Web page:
Special Events: Why A “Tasting” Is An Essential Part Of Event Planning

Sections of this topic

    QuestIon: Should I do a tasting even if I have worked with this caterer before?

    Answer: Absolutely.

    Question: Should I hire a caterer and then do a tasting?

    Answer: Absolutely NOT.

    In the past, people who were frequent event attendees tended to have great expectations, except when it came to food. There was a constant “rolling of the eyes” if someone commented that the food at a particular event was really good. That was fairly common, when rubber chicken dinners were flying high (pun intended).

    In recent years, food at both, hotels and “off-sites,” has improved enormously … in taste and presentation. Now, expectations are high and caterers and chefs work to outdo each other and are, frankly, getting better and better at it.

    Food makes the evening more (or less) remarkable, and is something everyone talks about. Hotel chefs have stepped up their game and are more than happy to help create a themed event with interesting presentations.

    A recent reception had a gelato bar flavored with various vodkas alongside the standard wine and beer fare. A dessert bar for an after party focused on a variety of champagnes with assorted mini sweets.

    When doing an event at an “off-site,” catering is an essential element … along with the lighting, sound and décor, and choosing a caterer takes time.

    You begin the process with a list of caterers who are approved to work in the facility. Asking the site manager which caterer works the space most often is a good way to start your search. You have probably been to a few events yourself and had some good experiences. Find out who the caterer was and ask the person who did the planning whether they were pleased and would use them again.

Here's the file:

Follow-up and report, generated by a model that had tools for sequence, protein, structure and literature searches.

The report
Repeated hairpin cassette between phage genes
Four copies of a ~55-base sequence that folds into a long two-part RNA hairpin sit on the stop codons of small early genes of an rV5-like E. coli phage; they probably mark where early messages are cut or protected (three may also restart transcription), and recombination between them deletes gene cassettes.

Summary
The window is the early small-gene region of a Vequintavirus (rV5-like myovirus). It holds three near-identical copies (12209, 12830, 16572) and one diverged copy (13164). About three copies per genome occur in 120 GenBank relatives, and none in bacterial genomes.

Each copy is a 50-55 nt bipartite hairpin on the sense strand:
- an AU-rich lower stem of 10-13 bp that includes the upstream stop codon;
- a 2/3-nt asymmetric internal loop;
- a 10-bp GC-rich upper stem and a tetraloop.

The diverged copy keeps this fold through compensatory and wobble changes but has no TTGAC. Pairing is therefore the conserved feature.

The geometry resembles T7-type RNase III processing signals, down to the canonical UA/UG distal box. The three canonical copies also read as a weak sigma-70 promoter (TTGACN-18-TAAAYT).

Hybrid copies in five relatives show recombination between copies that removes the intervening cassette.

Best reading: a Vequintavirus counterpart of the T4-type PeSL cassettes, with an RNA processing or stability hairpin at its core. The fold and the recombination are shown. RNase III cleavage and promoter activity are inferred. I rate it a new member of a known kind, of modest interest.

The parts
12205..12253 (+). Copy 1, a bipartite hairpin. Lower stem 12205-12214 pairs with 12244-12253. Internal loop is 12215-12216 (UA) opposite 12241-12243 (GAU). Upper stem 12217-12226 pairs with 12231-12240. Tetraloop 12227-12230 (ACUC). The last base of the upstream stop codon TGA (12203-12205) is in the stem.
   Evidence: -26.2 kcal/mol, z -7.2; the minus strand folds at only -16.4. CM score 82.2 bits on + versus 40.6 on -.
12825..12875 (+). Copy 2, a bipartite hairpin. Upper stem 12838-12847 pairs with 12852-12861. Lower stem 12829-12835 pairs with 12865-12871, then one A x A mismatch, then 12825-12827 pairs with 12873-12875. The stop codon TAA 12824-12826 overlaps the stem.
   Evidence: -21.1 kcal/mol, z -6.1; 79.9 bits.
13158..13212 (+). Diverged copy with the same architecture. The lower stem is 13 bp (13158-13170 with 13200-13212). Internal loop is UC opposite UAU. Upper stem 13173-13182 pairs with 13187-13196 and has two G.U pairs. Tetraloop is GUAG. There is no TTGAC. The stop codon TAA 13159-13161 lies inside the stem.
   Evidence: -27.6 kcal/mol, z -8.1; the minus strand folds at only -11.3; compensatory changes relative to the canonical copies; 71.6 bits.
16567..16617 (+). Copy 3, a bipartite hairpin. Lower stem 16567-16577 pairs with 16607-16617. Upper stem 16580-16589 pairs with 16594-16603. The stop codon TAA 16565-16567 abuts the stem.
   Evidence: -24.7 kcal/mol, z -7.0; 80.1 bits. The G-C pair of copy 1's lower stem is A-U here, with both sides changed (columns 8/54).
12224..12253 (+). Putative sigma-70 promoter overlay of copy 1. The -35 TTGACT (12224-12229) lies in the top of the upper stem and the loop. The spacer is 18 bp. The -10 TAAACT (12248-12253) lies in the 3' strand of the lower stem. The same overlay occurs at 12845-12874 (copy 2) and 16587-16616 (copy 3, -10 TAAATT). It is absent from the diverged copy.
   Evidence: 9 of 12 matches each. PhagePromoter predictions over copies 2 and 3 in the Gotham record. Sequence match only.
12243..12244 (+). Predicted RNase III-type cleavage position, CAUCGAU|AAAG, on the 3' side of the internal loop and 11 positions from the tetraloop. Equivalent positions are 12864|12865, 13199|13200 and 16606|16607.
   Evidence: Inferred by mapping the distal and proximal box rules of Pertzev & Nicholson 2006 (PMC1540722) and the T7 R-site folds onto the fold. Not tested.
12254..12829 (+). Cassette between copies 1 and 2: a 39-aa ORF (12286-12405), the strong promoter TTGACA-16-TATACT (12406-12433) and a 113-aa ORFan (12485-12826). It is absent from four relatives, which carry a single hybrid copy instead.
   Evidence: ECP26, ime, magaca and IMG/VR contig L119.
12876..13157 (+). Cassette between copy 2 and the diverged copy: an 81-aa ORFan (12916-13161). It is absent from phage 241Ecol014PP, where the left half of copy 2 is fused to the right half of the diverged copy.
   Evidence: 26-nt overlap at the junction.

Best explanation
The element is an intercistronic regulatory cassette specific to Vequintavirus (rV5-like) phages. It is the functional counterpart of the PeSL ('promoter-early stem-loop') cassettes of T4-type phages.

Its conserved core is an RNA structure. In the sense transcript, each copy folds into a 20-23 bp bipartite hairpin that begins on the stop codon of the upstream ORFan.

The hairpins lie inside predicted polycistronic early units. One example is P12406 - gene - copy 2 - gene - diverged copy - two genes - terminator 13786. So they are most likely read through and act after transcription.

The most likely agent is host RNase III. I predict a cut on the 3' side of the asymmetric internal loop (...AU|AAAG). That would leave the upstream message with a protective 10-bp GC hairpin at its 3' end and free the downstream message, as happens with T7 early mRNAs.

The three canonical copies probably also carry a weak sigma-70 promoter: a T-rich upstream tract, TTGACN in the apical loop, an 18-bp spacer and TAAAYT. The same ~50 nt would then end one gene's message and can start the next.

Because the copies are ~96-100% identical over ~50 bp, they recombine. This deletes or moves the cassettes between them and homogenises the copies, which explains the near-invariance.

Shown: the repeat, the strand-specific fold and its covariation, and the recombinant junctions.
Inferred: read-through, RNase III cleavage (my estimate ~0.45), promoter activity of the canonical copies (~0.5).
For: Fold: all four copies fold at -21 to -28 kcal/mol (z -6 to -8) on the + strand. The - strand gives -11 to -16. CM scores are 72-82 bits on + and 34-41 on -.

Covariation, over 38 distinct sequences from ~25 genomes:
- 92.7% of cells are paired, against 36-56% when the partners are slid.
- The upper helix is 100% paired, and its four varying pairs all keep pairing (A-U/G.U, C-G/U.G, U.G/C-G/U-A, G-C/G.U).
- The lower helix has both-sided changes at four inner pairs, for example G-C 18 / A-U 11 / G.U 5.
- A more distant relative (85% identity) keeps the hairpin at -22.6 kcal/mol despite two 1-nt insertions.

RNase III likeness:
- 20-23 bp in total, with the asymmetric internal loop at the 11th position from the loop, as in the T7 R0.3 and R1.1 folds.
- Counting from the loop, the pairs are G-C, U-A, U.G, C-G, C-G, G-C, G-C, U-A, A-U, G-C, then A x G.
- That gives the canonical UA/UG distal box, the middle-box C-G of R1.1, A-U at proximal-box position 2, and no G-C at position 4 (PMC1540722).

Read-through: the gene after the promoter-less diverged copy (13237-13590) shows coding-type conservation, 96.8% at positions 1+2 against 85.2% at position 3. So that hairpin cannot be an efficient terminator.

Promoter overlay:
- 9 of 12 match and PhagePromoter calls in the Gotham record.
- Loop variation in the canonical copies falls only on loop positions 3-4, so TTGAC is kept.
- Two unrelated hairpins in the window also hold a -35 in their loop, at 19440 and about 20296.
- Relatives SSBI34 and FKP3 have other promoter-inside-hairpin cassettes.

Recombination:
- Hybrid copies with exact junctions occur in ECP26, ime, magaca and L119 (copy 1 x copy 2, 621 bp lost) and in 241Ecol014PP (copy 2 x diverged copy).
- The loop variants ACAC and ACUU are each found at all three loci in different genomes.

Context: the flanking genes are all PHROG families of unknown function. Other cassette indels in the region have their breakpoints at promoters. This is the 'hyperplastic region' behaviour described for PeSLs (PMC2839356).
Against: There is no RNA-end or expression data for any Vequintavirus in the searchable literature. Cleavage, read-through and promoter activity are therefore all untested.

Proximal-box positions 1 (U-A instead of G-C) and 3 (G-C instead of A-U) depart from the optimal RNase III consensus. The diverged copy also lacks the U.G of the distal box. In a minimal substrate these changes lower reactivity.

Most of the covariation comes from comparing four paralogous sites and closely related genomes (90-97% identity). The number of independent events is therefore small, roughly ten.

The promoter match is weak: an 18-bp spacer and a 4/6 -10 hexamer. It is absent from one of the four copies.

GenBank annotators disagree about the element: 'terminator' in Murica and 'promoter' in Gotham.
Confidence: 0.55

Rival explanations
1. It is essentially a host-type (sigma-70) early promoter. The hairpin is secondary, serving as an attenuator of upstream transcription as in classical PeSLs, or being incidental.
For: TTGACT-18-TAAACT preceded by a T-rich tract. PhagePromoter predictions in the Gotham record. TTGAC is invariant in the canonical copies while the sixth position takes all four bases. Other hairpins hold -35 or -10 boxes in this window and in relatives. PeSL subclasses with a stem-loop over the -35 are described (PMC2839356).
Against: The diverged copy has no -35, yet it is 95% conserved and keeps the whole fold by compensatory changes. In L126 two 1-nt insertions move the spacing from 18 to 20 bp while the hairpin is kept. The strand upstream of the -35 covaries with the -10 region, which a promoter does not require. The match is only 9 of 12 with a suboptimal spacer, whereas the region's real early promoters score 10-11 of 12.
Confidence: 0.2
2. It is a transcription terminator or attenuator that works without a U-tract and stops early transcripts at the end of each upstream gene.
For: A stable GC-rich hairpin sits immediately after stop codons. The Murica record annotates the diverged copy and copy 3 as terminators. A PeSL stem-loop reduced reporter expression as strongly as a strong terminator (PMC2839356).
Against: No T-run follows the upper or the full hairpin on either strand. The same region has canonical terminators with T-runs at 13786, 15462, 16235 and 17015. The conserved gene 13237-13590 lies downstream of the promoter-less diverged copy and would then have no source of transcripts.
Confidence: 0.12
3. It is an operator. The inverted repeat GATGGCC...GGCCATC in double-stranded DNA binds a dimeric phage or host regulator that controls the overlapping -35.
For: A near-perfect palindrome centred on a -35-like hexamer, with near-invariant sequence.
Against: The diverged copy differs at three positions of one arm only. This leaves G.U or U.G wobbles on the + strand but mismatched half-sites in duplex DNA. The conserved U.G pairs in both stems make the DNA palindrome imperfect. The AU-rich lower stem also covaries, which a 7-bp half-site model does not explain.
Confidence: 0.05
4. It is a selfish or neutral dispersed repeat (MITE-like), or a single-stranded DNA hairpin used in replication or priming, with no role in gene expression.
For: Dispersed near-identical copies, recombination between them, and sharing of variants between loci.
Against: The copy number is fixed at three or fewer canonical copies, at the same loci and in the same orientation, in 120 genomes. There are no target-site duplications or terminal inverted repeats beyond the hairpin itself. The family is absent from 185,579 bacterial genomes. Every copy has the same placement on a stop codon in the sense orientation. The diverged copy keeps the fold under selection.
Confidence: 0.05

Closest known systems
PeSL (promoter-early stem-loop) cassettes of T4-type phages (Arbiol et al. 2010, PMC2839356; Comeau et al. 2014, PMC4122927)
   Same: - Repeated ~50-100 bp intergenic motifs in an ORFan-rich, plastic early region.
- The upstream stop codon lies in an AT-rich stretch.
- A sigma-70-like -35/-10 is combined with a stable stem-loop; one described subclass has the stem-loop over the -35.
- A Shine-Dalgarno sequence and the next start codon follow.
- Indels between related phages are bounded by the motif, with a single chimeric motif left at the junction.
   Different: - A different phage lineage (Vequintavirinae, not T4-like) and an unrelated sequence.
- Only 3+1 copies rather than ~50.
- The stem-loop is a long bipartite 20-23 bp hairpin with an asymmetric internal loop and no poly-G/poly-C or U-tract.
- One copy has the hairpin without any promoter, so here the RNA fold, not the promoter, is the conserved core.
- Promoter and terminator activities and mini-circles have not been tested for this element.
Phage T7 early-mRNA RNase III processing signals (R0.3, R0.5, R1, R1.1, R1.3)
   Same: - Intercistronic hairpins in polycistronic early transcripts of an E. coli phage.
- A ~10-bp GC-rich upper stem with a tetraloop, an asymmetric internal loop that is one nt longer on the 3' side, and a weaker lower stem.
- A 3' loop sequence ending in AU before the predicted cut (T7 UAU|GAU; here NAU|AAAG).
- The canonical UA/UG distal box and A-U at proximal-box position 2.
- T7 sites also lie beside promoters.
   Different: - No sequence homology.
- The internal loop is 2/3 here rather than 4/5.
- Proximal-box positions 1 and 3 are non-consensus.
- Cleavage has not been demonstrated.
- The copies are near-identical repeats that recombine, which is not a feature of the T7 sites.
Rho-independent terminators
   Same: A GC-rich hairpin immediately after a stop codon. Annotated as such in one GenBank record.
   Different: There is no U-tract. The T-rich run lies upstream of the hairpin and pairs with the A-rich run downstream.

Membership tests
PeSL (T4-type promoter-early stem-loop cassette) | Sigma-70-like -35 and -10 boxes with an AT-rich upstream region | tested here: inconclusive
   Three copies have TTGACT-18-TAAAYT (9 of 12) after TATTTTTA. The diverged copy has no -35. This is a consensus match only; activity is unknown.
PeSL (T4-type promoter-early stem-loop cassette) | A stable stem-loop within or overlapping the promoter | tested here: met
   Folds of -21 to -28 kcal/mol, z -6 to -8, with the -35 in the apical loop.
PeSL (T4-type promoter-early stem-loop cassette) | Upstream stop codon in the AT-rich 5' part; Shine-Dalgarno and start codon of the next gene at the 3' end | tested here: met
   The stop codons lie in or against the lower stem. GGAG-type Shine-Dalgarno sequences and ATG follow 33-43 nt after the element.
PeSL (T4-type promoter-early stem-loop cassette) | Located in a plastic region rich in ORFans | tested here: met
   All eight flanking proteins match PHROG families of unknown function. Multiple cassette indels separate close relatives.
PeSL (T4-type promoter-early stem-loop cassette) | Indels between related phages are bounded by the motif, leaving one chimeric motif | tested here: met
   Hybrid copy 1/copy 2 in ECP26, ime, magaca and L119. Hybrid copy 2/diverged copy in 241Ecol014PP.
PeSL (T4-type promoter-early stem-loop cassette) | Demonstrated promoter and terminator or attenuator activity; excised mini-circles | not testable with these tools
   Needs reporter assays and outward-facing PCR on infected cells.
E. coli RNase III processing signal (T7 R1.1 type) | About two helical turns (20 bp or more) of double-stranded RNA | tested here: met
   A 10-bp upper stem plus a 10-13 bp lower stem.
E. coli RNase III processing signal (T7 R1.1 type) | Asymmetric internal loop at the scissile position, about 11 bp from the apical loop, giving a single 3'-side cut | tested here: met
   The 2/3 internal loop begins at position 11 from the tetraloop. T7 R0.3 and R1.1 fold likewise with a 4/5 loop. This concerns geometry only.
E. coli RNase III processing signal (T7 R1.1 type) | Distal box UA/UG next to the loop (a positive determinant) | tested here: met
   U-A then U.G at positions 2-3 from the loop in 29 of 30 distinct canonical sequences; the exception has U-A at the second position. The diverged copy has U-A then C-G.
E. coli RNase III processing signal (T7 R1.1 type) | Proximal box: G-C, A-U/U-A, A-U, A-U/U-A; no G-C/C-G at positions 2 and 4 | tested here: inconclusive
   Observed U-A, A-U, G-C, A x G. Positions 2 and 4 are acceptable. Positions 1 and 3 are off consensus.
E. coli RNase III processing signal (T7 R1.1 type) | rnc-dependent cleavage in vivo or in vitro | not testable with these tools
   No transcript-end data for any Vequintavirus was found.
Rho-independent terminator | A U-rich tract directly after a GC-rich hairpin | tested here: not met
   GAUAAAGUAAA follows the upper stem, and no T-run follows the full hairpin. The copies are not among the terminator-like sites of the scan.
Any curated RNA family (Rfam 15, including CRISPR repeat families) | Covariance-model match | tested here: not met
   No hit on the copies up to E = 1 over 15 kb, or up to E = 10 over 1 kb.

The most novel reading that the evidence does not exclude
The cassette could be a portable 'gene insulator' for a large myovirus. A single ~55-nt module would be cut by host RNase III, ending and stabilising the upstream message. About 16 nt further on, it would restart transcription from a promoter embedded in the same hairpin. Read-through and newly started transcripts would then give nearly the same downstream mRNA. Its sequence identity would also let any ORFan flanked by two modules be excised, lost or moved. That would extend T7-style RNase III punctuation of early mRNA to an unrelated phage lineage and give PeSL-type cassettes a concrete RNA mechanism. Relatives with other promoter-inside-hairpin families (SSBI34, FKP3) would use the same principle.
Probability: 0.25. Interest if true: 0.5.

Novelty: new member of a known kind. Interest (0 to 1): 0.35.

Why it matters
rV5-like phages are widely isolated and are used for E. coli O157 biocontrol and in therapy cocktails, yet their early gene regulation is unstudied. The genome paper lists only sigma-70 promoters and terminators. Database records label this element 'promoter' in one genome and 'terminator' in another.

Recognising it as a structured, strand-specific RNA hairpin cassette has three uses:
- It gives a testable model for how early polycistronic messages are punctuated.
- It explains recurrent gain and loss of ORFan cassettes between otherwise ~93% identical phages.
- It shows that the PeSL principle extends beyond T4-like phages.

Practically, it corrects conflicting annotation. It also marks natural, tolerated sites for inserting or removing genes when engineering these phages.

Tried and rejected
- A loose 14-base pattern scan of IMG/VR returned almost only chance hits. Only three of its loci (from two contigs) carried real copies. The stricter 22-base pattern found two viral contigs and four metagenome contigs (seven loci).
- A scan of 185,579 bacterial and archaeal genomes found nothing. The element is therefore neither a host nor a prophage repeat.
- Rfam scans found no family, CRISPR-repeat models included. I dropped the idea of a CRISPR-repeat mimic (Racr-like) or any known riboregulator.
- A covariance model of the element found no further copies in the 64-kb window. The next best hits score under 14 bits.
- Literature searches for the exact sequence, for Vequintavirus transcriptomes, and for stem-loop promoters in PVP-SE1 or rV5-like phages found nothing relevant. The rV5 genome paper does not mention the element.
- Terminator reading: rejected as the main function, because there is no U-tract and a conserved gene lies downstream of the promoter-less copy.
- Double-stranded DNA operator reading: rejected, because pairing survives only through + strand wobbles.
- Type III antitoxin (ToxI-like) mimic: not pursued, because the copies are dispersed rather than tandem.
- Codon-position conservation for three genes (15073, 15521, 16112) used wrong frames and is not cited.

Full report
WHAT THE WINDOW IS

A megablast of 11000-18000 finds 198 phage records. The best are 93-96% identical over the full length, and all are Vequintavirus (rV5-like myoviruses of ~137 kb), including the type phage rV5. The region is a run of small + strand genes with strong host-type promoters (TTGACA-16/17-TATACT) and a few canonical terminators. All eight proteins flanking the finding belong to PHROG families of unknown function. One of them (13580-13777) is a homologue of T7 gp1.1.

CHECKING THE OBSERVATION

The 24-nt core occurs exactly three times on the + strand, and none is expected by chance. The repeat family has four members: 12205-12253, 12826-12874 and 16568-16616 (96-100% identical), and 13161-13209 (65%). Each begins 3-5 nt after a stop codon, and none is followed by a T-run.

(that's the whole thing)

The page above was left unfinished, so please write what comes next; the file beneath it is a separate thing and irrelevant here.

Try to narrow down the search to two or three caterers and contact each one asking the same questions. I will frequently explain that I am looking for creative menus with really good food that a variety of people with varying tastes can enjoy.

    I made some calls recently about a breakfast event we were handling, and explained that I wanted something “creative,” and not just a bagel bar. I was disappointed, but not surprised, that 2 out of 3 sent me menus with … a bagel bar !!

    Look over the menus carefully. Based on what you see, select 2 of the caterers (unless one is so outstanding that no one else can compete) and ask for a tasting.

    A good caterer will have asked you about the type of event, colors, décor, background on the attendees, your goal for the evening and most important, what you want the attendees to take away from the event.

    Usually, a tasting lasts about 2 –3 hours with time to taste a lot of different foods (from hors d’oeuvres to entrees to desserts). Look at linens and china, crystal, chairs and anything else needed for that event.

    Notice the word “taste!” It does not mean eating everything on your plate, no matter how delicious. A few bites will tell you if an item will work. And you do want to save room for dessert, especially if it’s chocolate ☺

    Obviously, Tastings are about more than food, and
    next week Natalie Continues the discussion.

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    creating or expanding your special event?
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